Survivalism & Self Sufficiency Topics > Needles & Strings

Educate me on dyeing clothes

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Greekman:
well, I Like my clothes, money is tight so dying them is a good option.
they are more lost their color than worn, courtesy of the high chlorine water of ours.

I have already dyed some dark blues and blacks I wear outdoors or under other clothes but I am not pleased with the outcome.
( I do follow instructions) After 7-8 handwashings with color friendly detergent I see loss of color on the edges and raised areas.
But I do not get any coloring on the skin. I tend to think it is the dyes fault so I am looking at buying RIT ones from abroad.

Are they THAT good? Or what is my expereinces so far the best one can get by dyeing clothes?

nkawtg:
Don't know if RIT is that good.
Here are some tips for using RIT.
https://www.ritstudio.com/techniques/tips-for-successful-dyeing/

Morning Sunshine:
 :popcorn:

nkawtg:
You bring up a good subject Greekman.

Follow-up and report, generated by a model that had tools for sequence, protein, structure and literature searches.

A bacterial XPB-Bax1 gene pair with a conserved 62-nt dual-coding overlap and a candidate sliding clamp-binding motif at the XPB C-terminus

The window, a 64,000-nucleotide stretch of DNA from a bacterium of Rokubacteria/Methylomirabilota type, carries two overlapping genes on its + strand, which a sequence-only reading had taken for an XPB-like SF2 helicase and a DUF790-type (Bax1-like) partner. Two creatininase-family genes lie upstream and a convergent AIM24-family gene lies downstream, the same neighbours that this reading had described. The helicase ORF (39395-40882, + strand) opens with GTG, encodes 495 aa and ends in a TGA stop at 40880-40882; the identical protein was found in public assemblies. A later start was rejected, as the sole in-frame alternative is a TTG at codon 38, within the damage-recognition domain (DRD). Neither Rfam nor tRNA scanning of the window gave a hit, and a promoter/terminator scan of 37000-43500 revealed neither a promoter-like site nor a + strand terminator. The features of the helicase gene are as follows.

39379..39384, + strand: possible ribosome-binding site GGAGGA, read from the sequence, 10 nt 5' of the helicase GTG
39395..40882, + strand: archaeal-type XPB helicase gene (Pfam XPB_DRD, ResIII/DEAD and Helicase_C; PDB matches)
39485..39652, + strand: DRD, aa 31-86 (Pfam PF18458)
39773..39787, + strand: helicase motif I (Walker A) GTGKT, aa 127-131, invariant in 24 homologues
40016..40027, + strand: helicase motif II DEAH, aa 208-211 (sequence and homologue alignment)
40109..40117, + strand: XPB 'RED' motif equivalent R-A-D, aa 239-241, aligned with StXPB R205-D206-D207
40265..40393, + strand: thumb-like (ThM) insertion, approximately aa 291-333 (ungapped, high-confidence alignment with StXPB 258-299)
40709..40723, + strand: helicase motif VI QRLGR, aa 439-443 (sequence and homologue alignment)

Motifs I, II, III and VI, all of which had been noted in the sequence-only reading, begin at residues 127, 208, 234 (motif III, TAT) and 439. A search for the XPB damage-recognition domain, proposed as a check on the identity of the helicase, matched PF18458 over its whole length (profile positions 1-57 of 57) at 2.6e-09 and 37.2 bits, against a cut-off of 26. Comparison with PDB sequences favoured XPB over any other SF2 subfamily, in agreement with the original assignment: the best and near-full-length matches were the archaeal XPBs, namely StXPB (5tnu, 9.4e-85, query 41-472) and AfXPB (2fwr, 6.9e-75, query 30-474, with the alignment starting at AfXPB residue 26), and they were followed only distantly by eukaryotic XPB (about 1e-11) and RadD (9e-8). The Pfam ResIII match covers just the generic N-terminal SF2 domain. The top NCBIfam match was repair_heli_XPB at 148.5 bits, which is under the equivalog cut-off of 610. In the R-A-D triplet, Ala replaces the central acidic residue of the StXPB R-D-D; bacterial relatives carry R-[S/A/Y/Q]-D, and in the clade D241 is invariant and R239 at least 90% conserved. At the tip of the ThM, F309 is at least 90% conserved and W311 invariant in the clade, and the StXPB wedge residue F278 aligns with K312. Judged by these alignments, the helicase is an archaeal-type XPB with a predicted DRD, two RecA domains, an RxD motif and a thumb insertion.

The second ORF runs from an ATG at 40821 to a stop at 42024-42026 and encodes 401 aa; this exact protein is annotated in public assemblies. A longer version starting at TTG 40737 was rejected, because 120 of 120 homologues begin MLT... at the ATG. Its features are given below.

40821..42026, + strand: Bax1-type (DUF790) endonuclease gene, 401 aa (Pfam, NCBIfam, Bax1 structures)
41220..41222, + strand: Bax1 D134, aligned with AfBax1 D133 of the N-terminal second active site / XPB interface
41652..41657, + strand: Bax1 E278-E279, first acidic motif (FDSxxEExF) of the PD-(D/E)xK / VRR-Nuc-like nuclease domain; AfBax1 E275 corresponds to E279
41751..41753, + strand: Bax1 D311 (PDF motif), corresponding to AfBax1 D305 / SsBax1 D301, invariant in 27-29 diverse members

When times get tough, making our clothing look good and last longer is a subject that doesn't get discussed much.

 :popcorn:

Cedar:
RIT dye I have been happy with, but mostly I use natural dyes on my cloth and yarns. For instance you can get nine colors of dye just from onion skins, depending on what mordant (or none), that you use, which are lightfast and colorfast. Some mortants are as easy as using nails, cast iron, alum, ammonia (technically ammonia isnt), salt, copper pipe etc.

Tea and coffee also work, as does walnut hulls, grape leaves in the fall for yellows, yarrow and sage for greens.

RIT dye is the more reliable for the EXACT same hue each time, you are guarenteed to have different ranges with natural dyes, so if you want more than one article the same exact color, it needs to go.into the same dyebath.

Cedar

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